It’s no longer fashionable to boast about how little sleep you need to keep your superpowers intact. Mostly because it’s a delusion: Losing as little as 90 minutes of sleep – for just one night – cuts your alertness by day about one-third. Yet despite the mountain of research that connects good sleep to health, performance and mood, most of us still aren’t getting enough of it.
Business travelers are particularly susceptible to deluding ourselves: We tend to perceive that we’re performing better and sleeping more than we actually do (a study reported in The New York Times cites a 20% drop in performance-over-perception). Another of surprising finding was that we tend to sleep even less the night before a trip, instead of wisely banking sleep or at least maintaining our rhythms.
Not only do road warriors have a reality gap, our survivalist mentality is a set up for jet lag.
Here are three elemental ways lack of sleep affects your body:
- lowers immunity, increasing susceptibility to infections
- increases carbohydrate cravings, due to increased leptin (the hormone that tells you you’re full)
- decreased alertness, concentration, memory, and reasoning skills
If you’ve already adopted Local Time’s Flight Pack, congratulations! You’re actively increasing your body’s adaptability to new sleep cycles through nourishing plant remedies. REST, in particular, is formulated to help you fall and stay asleep, improving sleep quality and quantity.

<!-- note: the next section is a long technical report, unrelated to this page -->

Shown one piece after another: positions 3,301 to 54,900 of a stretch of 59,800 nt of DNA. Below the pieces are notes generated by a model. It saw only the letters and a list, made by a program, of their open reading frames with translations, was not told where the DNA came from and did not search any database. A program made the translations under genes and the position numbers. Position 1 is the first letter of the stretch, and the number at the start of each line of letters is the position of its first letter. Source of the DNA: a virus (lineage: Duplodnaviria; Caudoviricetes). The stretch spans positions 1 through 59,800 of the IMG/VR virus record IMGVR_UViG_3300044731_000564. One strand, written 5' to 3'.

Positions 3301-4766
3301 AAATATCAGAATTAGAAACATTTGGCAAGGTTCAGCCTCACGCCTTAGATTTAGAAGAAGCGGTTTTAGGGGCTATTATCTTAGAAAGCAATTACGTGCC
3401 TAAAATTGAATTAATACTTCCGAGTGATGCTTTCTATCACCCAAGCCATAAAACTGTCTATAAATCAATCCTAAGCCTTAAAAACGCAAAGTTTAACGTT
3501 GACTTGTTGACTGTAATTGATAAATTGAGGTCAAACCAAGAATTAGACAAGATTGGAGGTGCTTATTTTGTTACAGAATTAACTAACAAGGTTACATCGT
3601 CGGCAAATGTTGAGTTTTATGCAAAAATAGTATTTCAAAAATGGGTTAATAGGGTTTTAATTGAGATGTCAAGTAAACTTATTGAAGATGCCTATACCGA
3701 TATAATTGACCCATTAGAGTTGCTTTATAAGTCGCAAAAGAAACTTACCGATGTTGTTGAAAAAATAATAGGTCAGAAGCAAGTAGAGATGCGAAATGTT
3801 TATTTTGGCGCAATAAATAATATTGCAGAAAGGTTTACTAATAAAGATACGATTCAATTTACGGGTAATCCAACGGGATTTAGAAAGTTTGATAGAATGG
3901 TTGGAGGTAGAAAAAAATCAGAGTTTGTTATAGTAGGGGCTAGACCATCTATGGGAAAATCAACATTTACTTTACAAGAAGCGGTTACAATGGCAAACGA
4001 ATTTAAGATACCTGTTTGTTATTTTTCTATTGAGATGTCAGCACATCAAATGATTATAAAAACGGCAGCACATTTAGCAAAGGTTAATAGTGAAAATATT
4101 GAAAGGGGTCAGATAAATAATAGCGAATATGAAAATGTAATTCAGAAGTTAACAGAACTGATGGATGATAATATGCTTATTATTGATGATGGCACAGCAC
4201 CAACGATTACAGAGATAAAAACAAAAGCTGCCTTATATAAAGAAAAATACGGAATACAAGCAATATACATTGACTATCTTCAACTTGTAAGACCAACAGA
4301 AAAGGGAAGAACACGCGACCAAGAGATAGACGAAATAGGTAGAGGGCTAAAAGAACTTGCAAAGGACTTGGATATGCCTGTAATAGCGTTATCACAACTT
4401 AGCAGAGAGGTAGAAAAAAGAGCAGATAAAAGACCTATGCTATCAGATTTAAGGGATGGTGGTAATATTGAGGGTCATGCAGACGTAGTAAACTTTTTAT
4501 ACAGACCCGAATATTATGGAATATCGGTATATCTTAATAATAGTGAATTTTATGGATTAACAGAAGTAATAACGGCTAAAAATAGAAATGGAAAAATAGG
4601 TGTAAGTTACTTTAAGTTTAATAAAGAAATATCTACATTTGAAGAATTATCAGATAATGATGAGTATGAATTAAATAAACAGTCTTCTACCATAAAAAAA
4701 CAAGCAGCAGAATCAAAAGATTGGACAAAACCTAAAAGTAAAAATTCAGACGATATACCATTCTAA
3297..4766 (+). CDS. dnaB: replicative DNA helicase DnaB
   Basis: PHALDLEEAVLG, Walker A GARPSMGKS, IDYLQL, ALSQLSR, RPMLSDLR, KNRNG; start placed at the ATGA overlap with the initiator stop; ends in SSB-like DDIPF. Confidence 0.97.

There are several practices that can likewise help course-correct circadian rhythms gone awry. (See our related blog, how to beat jet lag & feel amazing on arrival.)
But one key thing you can do to sleep better when you travel across time zones is: Exercise. This is where a little helps a LOT. Travelers who exercised during their 2 to 4-day trip across 2+ time zones performed an astounding 61% better than those who didn’t, according to the aforementioned research.
While the body’s circadian rhythm relies primarily on daylight, which cues people to be active, another factor is internal temperature. An increase internal temperature is linked to alertness, and physical activity heats up your core and moves up your body clock.
Underscoring the benefits of exercising while traveling, another study zeroed in on how to optimize workout timing based on the body’s natural hormone cycles through the day: “Exercising at 7 a.m. or between 1 p.m. and 4 p.m. shifted the circadian rhythm to an earlier time, while engaging in exercise between 7 p.m. and 10 p.m. pushed the body clock back.”
The good news here is that there are tangible, practical things you can do right now to skip the jet lag on your next trip. Beyond ritualizing your Local Time formulas, prioritizing some exercise means that the gratifying feeling of hitting the ground running won’t be an illusion.